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Is it worth it?

Kensho
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Go to solution Solved by RONOTHAN##,
1 minute ago, Kensho said:

What is the rough watt consumption of a high end GPU and CPU?

Depends on the exact CPU and GPU. 6950XTs are 330W at stock, 400+ when you unlock the power limits. 3090 Tis are 450W. For CPUs, if you're using a 12900K(S) they run at 300-400W depending on the exact load. For a 5950X they'll hit 200W before they become uncoolable. 

 

That said, with the way silicon works, the colder it is the more efficient it gets, so the power consumption numbers at ambient really don't matter when it gets cold and overclocked. Sometimes it gets way more efficient (12900K, for example, runs at 200W when fully overclocked when cold) and sometimes they get really power hungry (3090s, for example, if power limits are unlocked and you get full voltage control they'll draw 1000W+ given enough cooling). 

 

That said, GPUs only make sense to overclock when you manage to get full voltage control. With locked voltages you're not gonna realistically get any more performance by going cold, an extra 100-200MHz at most (not noticeable in game, important for benchmarking though). Because you need full voltage control in order for this to make sense, you have 2 options: 1.) buy a Kingpin edition GPU or 2.) hardmod the card. 

Is it worth driving the coolant temperatures to the GPU and CPU down to 34 degree's F as opposed to air cooling at around 75 F room temp? I tried to find this information on the net but couldn't and came across this forum in my search. This will be my first build attempt and I've been wondering if doing something like this is worth it. I'm pretty sure I've got the condensation/dew point issues addressed, I was just wondering how much more performance it would generate in order to determine if it's worth it. How much more could I get out of a well built machine? The computer is going to be for video creation/processing, photo editing and graphic design work. By the way, cool forum...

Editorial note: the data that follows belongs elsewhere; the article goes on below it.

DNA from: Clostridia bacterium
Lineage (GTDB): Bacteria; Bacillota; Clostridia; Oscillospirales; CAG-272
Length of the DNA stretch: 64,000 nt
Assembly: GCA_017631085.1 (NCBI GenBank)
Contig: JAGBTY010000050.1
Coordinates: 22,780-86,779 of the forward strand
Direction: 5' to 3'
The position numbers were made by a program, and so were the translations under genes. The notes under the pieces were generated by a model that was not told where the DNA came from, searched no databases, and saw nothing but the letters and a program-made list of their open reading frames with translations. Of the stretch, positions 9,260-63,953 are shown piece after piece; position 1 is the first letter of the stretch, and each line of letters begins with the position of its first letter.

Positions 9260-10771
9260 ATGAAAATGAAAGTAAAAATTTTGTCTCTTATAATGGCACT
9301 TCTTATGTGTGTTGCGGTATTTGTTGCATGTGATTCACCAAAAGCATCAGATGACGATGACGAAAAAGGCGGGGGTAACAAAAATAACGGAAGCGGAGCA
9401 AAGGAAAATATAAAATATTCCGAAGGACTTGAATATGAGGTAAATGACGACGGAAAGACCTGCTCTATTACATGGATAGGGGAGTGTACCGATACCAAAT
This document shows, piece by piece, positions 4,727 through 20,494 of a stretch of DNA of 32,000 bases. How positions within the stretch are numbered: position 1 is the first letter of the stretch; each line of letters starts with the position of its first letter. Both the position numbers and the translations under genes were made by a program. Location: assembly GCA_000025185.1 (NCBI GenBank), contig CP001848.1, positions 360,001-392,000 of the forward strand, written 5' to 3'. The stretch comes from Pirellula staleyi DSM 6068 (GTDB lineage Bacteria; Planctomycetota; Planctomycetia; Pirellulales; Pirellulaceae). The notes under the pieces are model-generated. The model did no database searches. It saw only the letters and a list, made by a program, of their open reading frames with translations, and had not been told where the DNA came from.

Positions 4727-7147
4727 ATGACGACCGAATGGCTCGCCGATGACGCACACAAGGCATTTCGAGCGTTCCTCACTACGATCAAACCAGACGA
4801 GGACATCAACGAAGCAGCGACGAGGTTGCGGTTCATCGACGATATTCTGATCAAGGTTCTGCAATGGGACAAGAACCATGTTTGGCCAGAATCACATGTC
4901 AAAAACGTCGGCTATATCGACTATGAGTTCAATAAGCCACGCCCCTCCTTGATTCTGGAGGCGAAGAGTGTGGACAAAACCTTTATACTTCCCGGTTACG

personal note: "It’s fair to say I’m stepping out on a limb, but I am on the edge and that’s where it happens."

 

https://www.copenhagenatomics.com/

 

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So you're talking about running ice water through the loop? Yeah it'll help with temps a fair bit and be able to get you an extra 100-200 MHz out of the CPU/GPU, but I wouldn't say it's worth it.

 

First, how are you gonna try to get the temps down that low? Every method I know of to have temps that low 24/7 and not just restocking ice involves some sort of phase change loop. If you're gonna go phase change, you're gonna be drawing a ton of extra power for maybe a 5% performance gain? And if you're going to be spending the money on some sort of phase change system, why stop at 34F, phase change coolers can pretty consistently get to about -20C assuming you use a good fluid, which should get you some actually noticeable performance improvements. 

 

Second, you said this is your first system. Custom water loops are advised for 2nd or 3rd computers, not first since custom water cooling is a fair bit harder than just building a computer in the first place, definitely not for a first system. The first system I built was water cooled with nothing fancy like phase change or having to insulate hardware, and it took me 2 days to complete it for just a soft tubing loop. Sub zero really only makes sense for benchmarking, for daily usage the headaches just don't justify the extra 3-5% gains you might see.